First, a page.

Divine Glory Be Damned!

September 23rd, 2022 / 4 Comments

I’m writing an essay for a book on hell. Mine is among more than a dozen essays from various contributors. The book’s overall thread is a rejection of the traditional idea of hell.

I’m arguing that relentless love is God’s glory. This stands in stark contrast to a widespread view that hell glorifies God.

A “Hell Glorifies God” Advocate

When writing my essay, I wanted to quote an advocate of the “hell glorifies God” theory so that readers could compare my alternative to it. I did a Google search for “hell glorifies God” and took the highest ranking article. It was titled, “How Does Hell Glorify God?”[1] The piece is by Jim Hamilton, Professor of Biblical Theology at The Southern Baptist Theological Seminary, one of the largest seminaries in America.

Hamilton begins his article with what he calls “The Bible’s Big Story.” God spoke the world into being and “set the terms,” he says. Life now follows God’s pre-decided plot. In the end, God will “consign [the wicked] to everlasting punishment” and “take those who believed the word of God and the testimony of Jesus into a new, better, perfect place.”

The point of hell, says Hamilton, is that God keeps his word. “That God sends the wicked to hell shows God to be faithful and just… If he does not send the wicked to hell, he has not upheld his own righteous standard and he has not been just. If he does not punish rebels in hell, the righteous are not vindicated.”

Hamilton’s reasoning for how hell glorifies God claims the righteous are ultimately proven right. “Hell vindicates those who obey God’s terms,” he says, “even if they suffered terribly for doing so. It vindicates the righteous who were persecuted by the wicked. Hell glorifies God.”

God Sovereignly Sets the Terms

Crucial to Hamilton’s argument is the idea a sovereign God initially set the terms for mercy and justice. God must stay faithful to those terms, which say the unrighteous will be punished in hell and the righteous given eternal life.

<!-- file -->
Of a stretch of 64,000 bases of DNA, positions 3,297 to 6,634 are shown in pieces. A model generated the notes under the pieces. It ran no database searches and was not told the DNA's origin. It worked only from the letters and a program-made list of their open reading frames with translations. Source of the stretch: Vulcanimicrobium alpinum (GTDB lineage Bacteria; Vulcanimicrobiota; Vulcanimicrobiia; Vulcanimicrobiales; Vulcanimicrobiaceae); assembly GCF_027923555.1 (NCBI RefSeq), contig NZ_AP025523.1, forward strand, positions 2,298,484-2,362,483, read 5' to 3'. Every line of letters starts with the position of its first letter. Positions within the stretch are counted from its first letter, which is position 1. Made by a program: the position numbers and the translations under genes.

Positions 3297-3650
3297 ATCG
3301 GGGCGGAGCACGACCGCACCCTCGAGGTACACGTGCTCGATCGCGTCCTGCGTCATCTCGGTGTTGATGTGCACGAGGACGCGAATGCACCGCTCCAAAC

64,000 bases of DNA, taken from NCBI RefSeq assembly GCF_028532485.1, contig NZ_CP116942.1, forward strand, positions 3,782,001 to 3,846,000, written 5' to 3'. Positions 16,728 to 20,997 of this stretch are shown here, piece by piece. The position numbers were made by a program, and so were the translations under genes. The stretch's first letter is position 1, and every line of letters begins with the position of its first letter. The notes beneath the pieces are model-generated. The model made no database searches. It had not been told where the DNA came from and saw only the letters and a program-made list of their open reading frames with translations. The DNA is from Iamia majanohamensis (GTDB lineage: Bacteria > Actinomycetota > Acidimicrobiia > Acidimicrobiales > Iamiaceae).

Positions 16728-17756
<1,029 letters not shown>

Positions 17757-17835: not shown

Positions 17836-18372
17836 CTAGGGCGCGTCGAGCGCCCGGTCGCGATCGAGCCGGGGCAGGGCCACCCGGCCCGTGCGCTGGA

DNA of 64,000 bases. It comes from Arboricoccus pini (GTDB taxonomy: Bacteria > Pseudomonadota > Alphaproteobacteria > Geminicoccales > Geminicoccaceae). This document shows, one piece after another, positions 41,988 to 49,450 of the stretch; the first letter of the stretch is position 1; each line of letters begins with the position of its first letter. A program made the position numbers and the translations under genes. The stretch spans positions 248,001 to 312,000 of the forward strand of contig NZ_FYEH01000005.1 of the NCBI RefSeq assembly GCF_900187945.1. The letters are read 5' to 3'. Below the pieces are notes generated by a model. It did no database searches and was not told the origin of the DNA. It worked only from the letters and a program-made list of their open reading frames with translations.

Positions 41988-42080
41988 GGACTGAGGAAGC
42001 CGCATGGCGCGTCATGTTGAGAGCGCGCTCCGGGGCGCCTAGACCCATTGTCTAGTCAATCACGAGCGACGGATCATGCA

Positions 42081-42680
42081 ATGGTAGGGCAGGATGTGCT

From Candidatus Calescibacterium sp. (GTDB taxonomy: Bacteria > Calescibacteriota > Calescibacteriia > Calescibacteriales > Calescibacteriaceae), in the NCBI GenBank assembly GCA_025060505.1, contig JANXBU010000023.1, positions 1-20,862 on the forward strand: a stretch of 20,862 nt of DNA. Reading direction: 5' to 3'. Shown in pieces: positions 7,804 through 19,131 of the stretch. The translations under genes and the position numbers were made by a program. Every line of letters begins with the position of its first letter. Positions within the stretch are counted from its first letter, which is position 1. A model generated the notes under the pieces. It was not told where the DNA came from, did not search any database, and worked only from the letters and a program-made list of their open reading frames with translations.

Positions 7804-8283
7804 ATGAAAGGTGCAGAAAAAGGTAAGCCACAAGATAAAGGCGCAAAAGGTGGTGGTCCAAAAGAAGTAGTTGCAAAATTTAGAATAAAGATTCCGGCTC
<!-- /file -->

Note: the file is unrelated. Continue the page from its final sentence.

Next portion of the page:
God is glorified, therefore, if God stays true to an arrangement God alone decided.

One wonders why God didn’t at the outset set terms that provide eternal bliss to all. Why didn’t God decide to be merciful and forgive everyone? Wouldn’t this be more loving? And more glorious?

No Free Will

Hamilton realizes some perceive his scenario as troublesome. “How seriously should we take those who object to hell,” he asks, “or try to rewrite the story so that hell isn’t part of it?” Hamilton answers his own question: “As seriously as we would take Hamlet critiquing Shakespeare’s work. Hamlet has no independent existence. He can only critique Shakespeare if the author decides to write that scene.”

Hamilton portrays God’s sovereignty as entailing that creatures have no independent will of their own. God is the author who controls the characters he writes into existence, including foreordaining their ultimate fate.

“In order for God to be just and extend mercy,” explains Hamilton, “he must keep his promise to punish transgression… God punishes the wicked in hell to uphold justice against all who refuse to repent of sin, glorify him as God, and give thanks to him.”